Since the original exit date at the end March evaporated, the most likely outcome as we write(!) is a ‘dis-orderly departure’ of the United Kingdom from the EU, which will have almost no impact on the millions of holidaymakers who visit Spain from the UK every year.

For visitors to the Canary Islands from other parts of the EU we do not foresee any disruption, so these hints and tips are mainly for travellers from the United Kingdom .

Firstly, there seems to be a raft of ‘misinformation’ and scare stories, so I have tackled here some questions we have heard from guests who want to go diving in Gran Canaria. There are still many divers who want to come out from the UK to get a break, in the sun, especially in Autumn and Winter when most of the Mediterranean Resorts are closed.

Much of this advice is based on authoritative reports, but also on the experiences of customers during the ‘Ash Cloud’ crisis in 2010, when planes stopped flying.

I hope this will cut through the FUD (Fear, Uncertainty and Doubt), so you can travel happy and enjoy your diving in Gran Canaria and the other Canary Islands this year.

What happened during the Ash Cloud?

In April 2010, the eruption of a volcano in Iceland created the highest level of air traffic disruption since the second world war.  Many fears have been published that a ‘no-deal’ BREXIT could also leave pilots and planes without permission to fly, stranding British holidaymakers throughout Europe.

Relax and enjoy the sunshine if your flight is delayed

But when that happened in 2010, all the Tour Operators, such as TUI, Thomas Cook stepped up to the plate and arranged continued stays in hotels, and looked after their customers, taking some back home in chartered  cruise ships or by land.

So our first tip, is if you are worried about ‘being stranded’ by a sudden no-deal Brexit, book a package holiday with a major tour operator, in one of the bigger hotels.  They will then be there to help you and to make sure that any travel disruption is minimised, and at no extra cost.

And the ‘official position’ is that in March 2019 the EU and the UK agreed a reciprocal 12-month airspace access period in the event of no-deal, when “ for the 12-month period the UK intended to grant EU air carriers a level of access to the UK at least equivalent to the rights that would be granted to UK airlines under the EU’s regulation.“This includes traffic rights, ownership and control, leasing of aircraft, cooperative marketing arrangements and fair competition,” the transport department said.“.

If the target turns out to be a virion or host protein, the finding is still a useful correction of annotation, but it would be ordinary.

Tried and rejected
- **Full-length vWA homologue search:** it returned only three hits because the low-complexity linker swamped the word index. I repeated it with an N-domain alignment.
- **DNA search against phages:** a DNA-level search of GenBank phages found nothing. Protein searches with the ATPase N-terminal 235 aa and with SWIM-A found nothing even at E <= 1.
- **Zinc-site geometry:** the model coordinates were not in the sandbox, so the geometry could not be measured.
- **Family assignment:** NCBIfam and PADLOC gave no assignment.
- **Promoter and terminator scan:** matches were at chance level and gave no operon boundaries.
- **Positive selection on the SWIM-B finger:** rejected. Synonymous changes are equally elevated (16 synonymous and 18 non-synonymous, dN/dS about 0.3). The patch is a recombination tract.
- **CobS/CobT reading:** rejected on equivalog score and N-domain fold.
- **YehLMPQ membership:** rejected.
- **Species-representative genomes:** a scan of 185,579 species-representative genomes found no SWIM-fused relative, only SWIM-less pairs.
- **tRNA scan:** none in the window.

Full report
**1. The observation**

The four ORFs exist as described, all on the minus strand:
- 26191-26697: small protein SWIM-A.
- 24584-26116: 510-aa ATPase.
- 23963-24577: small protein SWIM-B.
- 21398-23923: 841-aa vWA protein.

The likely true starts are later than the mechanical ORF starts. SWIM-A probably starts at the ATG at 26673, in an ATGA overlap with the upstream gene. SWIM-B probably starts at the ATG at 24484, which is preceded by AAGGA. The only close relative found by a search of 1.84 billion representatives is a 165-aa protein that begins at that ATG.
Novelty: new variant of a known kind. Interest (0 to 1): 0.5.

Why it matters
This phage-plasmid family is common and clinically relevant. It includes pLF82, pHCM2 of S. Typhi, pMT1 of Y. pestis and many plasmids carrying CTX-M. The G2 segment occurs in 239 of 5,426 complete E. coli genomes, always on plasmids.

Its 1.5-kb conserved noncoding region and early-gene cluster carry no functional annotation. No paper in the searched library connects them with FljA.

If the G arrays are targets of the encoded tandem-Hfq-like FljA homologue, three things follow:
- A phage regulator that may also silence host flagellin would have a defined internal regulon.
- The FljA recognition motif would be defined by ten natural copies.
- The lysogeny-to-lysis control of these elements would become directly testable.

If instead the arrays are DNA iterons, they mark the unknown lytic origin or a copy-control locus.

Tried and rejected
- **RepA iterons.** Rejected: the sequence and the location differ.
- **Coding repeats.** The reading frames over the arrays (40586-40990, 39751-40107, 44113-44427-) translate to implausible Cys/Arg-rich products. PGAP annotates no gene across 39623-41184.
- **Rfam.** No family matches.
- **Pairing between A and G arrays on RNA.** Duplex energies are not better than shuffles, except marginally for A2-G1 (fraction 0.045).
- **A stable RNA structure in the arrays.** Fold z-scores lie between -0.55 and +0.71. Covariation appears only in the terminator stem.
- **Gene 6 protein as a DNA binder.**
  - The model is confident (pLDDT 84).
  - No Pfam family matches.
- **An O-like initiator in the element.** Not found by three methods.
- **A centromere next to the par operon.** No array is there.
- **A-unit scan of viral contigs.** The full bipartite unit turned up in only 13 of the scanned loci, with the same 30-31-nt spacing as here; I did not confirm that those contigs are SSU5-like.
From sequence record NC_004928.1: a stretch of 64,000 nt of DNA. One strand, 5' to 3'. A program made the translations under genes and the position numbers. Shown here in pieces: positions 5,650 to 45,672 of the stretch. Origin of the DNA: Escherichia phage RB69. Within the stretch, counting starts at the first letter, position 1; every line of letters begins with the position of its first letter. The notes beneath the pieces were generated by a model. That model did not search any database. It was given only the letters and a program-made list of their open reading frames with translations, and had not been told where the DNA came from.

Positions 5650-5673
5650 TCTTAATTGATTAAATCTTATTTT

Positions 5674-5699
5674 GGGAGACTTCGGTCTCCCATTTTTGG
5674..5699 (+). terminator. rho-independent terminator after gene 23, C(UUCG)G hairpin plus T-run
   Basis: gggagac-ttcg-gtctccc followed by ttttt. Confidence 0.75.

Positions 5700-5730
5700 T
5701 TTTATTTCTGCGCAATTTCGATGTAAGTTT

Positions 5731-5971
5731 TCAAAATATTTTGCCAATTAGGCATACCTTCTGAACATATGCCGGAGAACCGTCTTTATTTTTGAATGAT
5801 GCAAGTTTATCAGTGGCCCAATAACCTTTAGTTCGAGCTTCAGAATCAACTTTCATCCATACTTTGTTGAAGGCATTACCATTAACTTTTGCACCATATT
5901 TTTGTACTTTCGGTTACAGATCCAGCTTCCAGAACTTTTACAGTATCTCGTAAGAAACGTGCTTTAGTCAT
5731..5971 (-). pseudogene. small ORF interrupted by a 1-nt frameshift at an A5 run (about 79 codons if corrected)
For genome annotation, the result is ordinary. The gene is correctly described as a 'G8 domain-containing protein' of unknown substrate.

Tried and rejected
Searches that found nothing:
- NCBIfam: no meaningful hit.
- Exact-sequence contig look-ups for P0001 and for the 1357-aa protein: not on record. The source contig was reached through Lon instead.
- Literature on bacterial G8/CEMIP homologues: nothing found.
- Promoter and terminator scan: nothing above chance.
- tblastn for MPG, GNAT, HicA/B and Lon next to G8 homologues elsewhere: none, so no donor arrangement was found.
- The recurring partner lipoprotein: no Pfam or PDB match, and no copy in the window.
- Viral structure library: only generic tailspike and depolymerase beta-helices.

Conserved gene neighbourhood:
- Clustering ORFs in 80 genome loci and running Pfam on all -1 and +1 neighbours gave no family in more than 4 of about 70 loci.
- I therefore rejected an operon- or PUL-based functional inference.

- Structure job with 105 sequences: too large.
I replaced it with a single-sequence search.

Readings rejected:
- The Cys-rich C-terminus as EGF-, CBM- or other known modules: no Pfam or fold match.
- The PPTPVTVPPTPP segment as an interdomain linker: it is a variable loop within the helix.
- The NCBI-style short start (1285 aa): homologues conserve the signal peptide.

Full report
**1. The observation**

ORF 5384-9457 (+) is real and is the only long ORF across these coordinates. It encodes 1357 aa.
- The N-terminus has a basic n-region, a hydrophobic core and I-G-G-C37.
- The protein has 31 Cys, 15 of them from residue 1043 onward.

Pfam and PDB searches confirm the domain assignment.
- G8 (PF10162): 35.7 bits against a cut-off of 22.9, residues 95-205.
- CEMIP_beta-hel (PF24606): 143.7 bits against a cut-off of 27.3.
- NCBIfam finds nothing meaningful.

So even with a worst case of a no-deal BREXIT, UK flights will still come to the Canaries, and European carriers can still fly in and out of the UK.  

Do I need an International Diving Licence to dive after BREXIT?

Yes, this is in fact true … but you need one today, and you already have one!

The majority of recreational diving qualifications are NOT controlled by either the EU, or by national governments.  Your PADI, CMAS, NAUI or BSAC qualification has been issued by an independent body, and all have been approved as meeting the International Standard ISO 24801-2. 

We will accept any diver with a valid ISO qualification here to dive, in all cases (No-Brexit, No-Deal, transition period  or Smooth exit).  I am sure that other dive centres in Spain will be the same.
So our second tip is that if you are  worried that your PADI card does not specify this standard (or you have lost the card), then you can get a replacement card for about €45.00, or why not do that PADI Advanced or Speciality course you were thinking of, and get a new card which shows the ISO compatibility.

Can I still use my EHIC card for medical treatment during any transition period?

The answer here is more of a ‘yes and no’.  The European Health Insurance Card does cover basic medical costs when in Europe, but importantly, in Spain and some other countries it DOES NOT COVER HYPERBARIC TREATMENT.  In Spain the law requires all divers to have both diving medical insurance and ‘Responsibilidad Civil’, neither of which are covered by the EHIC card. 

Over the last few years I have seen more and more visitors travelling without any form of travel Insurance, and I have also heard about visitors who have had a (non-diving) accident, been treated free, but then had extra costs to pay for new flights or changes to hotels, all of which are normally covered by a good travel insurance policy.

Remember also that the EHIC card only covers treatment in the Spanish National Health service, where they do not always speak English, while if you have a travel insurance, you will be treated in a private clinic where there are more language experts.

So tip 3 is that both before and after any BREXIT, you should have a good travel Insurance policy, which covers diving, and in the event of any unfortunate accident such as a broken leg, you not only get good medical treatment, but great support from your insurer to get home without any extra problems.

Yes, I know insurance is boring and sensible, but there are plenty of good annual multi-trip policies available, including from diving specialists such as DAN and Divemaster Insurance, which will give you a comprehensive cover for a whole year at a good price.   If you just want to ‘top-up’ your cover for diving here we have daily, weekly ,monthly and annual policies available which cover any diving issues in Spain.


So to summarise my three tips, book a package of flight and hotel to somewhere familiar, where you have been before, and where the family will all feel comfortable. 
Check that you have your PADI card or equivalent before travelling, and double check that your travel insurance covers all the activities you want to enjoy on holiday, including Scuba Diving.
If you book your package to Gran Canaria (tip no 4?) then send me a message, let me know you are coming and I can arrange some dives in the El Cabrón Marine Reserve for you.